Characterizing Plastic Deformation Mechanisms in Metal Thin Films using In Situ Transmission Electron Microscopy Nanomechanics

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Stangebye, Sandra
Kacher, Josh
Pierron, Olivier N.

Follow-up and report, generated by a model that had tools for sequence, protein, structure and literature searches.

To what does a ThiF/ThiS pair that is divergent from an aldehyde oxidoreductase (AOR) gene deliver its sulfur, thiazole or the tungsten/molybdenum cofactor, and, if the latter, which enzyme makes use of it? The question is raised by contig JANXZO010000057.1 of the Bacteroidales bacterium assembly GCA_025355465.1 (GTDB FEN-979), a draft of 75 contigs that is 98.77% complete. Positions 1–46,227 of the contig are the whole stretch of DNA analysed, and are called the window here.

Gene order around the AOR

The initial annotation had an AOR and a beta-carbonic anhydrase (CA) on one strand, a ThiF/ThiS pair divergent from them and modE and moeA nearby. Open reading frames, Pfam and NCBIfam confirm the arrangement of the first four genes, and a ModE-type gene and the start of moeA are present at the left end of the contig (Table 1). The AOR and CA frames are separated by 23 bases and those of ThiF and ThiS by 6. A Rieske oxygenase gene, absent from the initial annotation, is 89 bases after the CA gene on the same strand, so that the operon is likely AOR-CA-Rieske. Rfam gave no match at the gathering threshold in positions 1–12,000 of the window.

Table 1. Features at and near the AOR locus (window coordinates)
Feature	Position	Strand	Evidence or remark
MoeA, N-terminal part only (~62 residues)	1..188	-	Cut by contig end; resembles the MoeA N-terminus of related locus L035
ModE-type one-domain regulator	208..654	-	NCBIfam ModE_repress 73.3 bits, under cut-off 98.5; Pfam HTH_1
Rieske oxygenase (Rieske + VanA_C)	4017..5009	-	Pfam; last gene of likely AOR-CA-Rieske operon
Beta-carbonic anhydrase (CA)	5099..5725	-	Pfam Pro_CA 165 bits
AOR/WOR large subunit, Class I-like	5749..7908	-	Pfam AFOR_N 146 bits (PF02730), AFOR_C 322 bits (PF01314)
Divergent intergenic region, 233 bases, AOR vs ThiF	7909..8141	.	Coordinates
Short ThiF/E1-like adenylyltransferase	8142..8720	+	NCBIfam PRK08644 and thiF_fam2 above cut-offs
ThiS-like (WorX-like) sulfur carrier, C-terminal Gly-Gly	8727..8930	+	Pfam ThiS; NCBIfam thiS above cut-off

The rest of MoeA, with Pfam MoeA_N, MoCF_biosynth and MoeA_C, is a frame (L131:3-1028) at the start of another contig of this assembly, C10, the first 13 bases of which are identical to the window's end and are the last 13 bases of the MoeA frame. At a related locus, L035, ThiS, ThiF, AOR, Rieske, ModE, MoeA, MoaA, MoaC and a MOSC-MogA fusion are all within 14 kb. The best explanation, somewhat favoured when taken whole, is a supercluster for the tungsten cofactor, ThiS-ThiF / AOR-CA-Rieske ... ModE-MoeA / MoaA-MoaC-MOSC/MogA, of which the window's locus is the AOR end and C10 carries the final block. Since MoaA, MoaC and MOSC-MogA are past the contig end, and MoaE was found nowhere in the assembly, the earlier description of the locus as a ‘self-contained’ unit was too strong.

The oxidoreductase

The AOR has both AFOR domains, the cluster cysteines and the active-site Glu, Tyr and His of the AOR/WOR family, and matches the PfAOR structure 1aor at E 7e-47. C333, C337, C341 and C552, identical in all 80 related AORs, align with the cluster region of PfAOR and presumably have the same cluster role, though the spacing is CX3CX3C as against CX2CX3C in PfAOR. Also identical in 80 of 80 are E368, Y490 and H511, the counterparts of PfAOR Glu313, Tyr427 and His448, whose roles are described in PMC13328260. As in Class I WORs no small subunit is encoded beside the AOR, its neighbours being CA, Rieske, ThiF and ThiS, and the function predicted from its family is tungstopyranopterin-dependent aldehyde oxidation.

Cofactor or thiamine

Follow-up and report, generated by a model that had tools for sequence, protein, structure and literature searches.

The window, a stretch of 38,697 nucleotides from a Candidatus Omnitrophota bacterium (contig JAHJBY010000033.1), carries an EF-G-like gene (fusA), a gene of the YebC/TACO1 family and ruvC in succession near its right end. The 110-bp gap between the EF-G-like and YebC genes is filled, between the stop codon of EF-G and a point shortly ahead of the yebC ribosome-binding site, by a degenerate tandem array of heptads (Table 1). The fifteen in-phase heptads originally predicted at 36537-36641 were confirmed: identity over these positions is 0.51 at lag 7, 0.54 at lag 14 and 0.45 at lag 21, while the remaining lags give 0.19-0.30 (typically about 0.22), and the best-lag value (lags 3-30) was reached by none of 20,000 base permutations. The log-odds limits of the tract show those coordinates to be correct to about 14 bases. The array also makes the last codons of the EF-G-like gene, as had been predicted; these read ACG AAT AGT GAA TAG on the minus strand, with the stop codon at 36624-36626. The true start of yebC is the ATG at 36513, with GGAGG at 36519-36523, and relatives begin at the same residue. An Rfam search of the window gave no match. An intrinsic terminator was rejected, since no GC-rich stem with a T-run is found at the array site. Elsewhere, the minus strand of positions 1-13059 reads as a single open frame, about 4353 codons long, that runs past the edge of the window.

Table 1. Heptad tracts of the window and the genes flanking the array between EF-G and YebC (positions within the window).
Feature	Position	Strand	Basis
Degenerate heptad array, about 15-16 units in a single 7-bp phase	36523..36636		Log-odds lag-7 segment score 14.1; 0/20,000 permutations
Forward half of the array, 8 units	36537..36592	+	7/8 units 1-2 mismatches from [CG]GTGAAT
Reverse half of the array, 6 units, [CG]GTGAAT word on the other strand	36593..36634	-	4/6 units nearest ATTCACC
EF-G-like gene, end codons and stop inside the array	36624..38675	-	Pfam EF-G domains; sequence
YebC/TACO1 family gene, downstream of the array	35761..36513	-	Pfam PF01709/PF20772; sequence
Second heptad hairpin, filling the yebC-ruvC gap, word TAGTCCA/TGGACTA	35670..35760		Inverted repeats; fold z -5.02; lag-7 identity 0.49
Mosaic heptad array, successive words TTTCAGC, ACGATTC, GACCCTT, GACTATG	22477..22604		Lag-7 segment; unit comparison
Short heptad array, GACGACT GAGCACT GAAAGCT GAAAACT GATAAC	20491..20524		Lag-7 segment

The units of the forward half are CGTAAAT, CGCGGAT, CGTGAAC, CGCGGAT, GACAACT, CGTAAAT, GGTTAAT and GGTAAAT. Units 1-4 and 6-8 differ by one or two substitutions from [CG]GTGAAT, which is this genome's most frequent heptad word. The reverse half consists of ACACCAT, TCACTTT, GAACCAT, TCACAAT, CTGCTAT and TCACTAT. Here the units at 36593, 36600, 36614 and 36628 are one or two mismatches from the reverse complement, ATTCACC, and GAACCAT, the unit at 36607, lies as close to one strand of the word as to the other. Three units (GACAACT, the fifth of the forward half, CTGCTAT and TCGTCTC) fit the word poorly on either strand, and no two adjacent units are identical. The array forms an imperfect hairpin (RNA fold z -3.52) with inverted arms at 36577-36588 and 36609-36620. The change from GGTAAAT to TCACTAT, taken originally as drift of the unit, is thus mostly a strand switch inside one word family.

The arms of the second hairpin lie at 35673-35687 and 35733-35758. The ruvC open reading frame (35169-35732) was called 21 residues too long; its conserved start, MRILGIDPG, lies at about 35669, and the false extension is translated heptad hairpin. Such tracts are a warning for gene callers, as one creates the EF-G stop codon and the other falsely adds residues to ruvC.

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The demand for smaller, smarter and faster devices has motivated continued research into understanding the mechanical behavior of small-scale materials used to create micron-sized features for devices such as flexible or stretchable electronics or micro electromechanical systems (MEMS). Nanocrystalline (NC) and ultrafine-grained (UFG) metal thin films show increased strength when compared to their coarse-grained equivalents, and as a result, have been proposed as viable solutions to high-strength MEMS materials. The increased yield strength is generally attributed to the high volume of grain boundaries (GB) which impede conventional dislocation glide. Unfortunately, the increase in strength is accompanied by a decrease in ductility. NC and UFG metals also exhibit an increase in strain-rate sensitivity and decrease in measured activation volume compared to their coarse-grained equivalents, both of which imply different atomistic mechanisms control the deformation. There remains a lack of quantitative characterization of these deformation mechanisms which hinders material design towards exception mechanical properties. In this work, the plastic deformation mechanisms that govern the mechanical properties of NC and UFG metal thin films are investigated through in situ transmission electron microscopy (TEM) nanomechanical experiments. This technique allows for the simultaneous observation of the active deformation mechanisms and quantification of the mechanical properties during monotonic and stress-relaxation experiments. Experiments were performed on NC Al and UFG Au specimens with different microstructures (grain sizes, thickness, texture), including irradiated UFG Au. A variety of deformation mechanisms have been identified, including dislocation nucleation and absorption at GBs, inter- and intragranular dislocation glide, and GB migration. It was found that the radiation damage in the irradiated UFG Au served as effective pinning points for transgranular dislocation glide, however, stress-assisted GBM was still active and effectively removed radiation damage as the defects were absorbed by the GB during migration. This resulted in defect-free (‘cleaned’) regions that can support unrestricted dislocation glide, suggesting that stress-assisted GBM is a healing mechanisms for radiation damage in UFG metals. The measured activation volume was found to increase with increasing grain size, decreasing stress level, and the addition of radiation damage. These values were compared with existing models to suggest that there is likely a competition between active displacive- and diffusive-type deformation mechanisms and that the contribution of the two depends on the microstructure. Furthermore, stress-assisted GB migration was studied in detail to investigate how the local microstructure influences boundary migration. This is completed by combining orientation mapping with in situ TEM straining to document the stress-induced migration behavior across boundaries of different structure.
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